And it’s a shame, too, because I have irrationally strong opinions about the parks. If it sounds like I’m mocking the kind of person who goes online to scream about the evils of FastPass, I’m not, because I am that kind of person — we just differ in magnitude. They all seem to be operating at around 15, whereas I’m usually around 11 or 12.

But there are some things that all Disney fans, no matter how obsessive, can agree on… or can we?! There are some ideas that I’ve seen for years treated as just common knowledge among fans, but I disagree with, because I am a rebel and an iconoclast.

Horizons was just okay.

Yeah, I’m coming out guns blazing. Horizons is widely considered to be the best of original EPCOT Center, a masterpiece of “old-school” Imagineering, and the soul of Epcot’s Future World. I definitely don’t think it’s bad, but I’ve never understood the reverence for this attraction over, say, Journey Into Imagination or World of Motion, both of which blew my mind as a teenager.

As someone who went to EPCOT Center quite a few times in the early years, my main memory of Horizons was that it was never open. There seemed to be a ton of preview buzz around it, and it had the coolest park icon and a neat-looking building, so I was pretty excited. The “space” ending film is iconic, and I seem to remember seeing it before I was actually able to go on the ride, so I was already hyped for a senses-shattering simulator experience that probably wasn’t even possible in 1983. But I feel like at least a few years passed before I was finally at the park when it was open and not down for refurbishment.

I have to think that part of the reason I was underwhelmed by the attraction is because it always felt like a survey course in “Intro to Epcot Center Future World 101,” instead of a deep dive. I felt like I’d already seen everything from the ride, in one form or another, in Carousel of Progress, If You Had Wings, World of Motion, Listen to the Land, The Living Seas, Spaceship Earth, and Journey Into Imagination. It was like trying to get excited about the greatest hits album when you’re already at the concert.

The Adventurer’s Club was only really fun for people who love improv.

The Adventurer’s Club was another one of those things that I got hyped about for years before actually seeing it. My family weren’t enthusiastic about bars or nightclubs, so it wasn’t even really an option for me until I went back to Disney World as an adult, by myself. By that point, I believe I’d already heard rumors that it would be closing within a few years, so I went two nights in a row to make sure I got the full effect.

In terms of decoration and theming, it was outstanding, of course. You could try to describe it as “kind of like Trader Sam’s, if it were extended across multiple floors and multiple rooms and actually had enough seating,” which sounds perfect. And the idea of characters walking through the space, interacting with guests; and a drunken, possibly insane old adventurer puppet acting as host of the evening and leading everyone in a toast; and a room full of masks that talk to you and tell stories — it’s all wonderful in theory. But in practice, I’ve got to say that it was corny AF.

It’s here that I should talk about something that’s been a problem for me for as long as I’ve been going to Disney parks, which is literally my entire life. And that’s Improv People. I know many, many great people who love improv and find real joy in watching and/or performing it, and it genuinely makes me happy to see them enjoy it. But in general, people who love improv just cannot understand that not everyone enjoys improv. For some of us, it’s like torture.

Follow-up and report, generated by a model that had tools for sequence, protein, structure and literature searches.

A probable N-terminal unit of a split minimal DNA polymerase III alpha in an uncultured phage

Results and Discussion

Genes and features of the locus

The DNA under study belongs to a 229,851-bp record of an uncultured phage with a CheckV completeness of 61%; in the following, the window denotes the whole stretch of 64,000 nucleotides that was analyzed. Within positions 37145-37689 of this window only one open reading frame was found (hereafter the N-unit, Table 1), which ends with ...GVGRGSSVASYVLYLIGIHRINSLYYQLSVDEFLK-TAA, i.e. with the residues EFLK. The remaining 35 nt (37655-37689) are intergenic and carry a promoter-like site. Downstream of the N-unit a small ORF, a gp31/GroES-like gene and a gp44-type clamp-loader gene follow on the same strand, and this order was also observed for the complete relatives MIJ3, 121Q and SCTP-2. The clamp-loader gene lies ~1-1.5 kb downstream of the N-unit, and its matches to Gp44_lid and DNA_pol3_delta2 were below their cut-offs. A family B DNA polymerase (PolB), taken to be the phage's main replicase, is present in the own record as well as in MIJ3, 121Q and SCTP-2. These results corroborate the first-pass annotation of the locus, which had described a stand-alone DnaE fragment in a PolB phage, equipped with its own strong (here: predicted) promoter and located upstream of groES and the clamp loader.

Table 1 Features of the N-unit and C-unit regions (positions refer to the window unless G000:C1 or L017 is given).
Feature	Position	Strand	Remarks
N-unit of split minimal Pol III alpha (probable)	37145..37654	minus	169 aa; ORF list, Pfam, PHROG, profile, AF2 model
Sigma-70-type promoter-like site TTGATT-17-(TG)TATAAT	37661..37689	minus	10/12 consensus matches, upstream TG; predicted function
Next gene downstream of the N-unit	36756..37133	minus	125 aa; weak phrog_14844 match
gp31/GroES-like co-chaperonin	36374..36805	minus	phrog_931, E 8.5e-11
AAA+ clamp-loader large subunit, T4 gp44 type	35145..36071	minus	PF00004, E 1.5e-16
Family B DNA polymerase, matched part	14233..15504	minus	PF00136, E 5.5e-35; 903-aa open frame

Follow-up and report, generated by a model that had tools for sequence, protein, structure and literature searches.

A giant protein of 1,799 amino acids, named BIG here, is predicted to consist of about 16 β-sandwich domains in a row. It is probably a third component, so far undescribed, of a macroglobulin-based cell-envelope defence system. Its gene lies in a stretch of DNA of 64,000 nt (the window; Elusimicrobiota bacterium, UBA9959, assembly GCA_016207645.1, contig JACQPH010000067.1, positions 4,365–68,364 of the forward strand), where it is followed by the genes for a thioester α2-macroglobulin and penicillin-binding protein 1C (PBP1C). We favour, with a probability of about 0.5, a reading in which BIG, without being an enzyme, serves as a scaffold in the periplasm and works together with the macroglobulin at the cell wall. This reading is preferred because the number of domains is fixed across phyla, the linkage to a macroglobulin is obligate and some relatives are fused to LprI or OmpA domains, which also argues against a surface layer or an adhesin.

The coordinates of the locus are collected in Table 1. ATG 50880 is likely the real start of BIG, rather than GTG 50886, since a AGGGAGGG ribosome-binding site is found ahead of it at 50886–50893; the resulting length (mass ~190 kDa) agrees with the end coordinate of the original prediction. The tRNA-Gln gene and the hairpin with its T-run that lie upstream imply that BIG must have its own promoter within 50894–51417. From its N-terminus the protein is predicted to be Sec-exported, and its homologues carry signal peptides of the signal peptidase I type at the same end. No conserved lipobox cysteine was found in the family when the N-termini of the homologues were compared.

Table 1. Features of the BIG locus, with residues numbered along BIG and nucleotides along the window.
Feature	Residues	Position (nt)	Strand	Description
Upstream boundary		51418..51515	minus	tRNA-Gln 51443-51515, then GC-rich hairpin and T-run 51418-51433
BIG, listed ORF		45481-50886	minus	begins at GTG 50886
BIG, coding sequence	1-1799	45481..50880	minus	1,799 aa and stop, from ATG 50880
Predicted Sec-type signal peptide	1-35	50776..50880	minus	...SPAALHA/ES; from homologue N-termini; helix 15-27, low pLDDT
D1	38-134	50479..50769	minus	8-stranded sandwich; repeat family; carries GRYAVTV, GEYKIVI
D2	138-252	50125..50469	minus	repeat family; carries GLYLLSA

When I’m in the audience and a joke bombs, it almost causes me physical pain. I can’t stand those moments of dead time and the look of manic desperation in a performer’s face when they’re trying to come up with the next thing to say. Even when it’s going well, I have the feeling of being trapped in a car going 150 miles an hour and knowing that it could crash and burn at any moment. If I could try to describe what watching, listening to, or ::shudder:: performing improv feels like to me: imagine you’re standing naked on a stage, with your arms tied behind your back, and a spotlight is shining directly on you. Right behind you, someone is standing with his mouth just a couple of inches away from your neck, and you can feel his hot, damp breath on the skin on the back of your neck and behind your ear, as he exhales, “hh-h-h-he-heh-heh-help me.”

People who work in themed entertainment and “immersive theater” tend to be unable to accept that not everyone loves improv as much as they do, so I tend to be put in situations where I’m dragged screaming out of my comfort zone. The Star Wars hotel has me torn between my lifelong love of Star Wars and my intense anxiety at the thought of being trapped in a two-day-long non-stop immersive theater performance. With the Adventurer’s Club, a can’t-fail theme and setting that might as well have been designed specifically for me, still weren’t quite enough to compensate for being surrounded by people who at any moment could assault me with family-friendly “yes, and…”s.

Also, the drinks weren’t any good.

The Grand Fiesta Tour is a criminally underrated delight.

When the Mexico pavilion opened at Epcot, there was a boat ride called El Rio del Tiempo. It used a lot of the same tricks of other modestly-budgeted rides of the time, and it was perfectly pleasant even if you weren’t quite sure whether the market vendor scene was really racist but suspected that it probably was.

With the Grand Fiesta Tour overhaul, it was improved ten thousand times. It added characters and music from The Three Caballeros, which is a no-brainer, and updated all the gags to feature Donald Duck instead of real human Mexican actors and dancers. Somehow, that makes it both more contemporary and also timeless.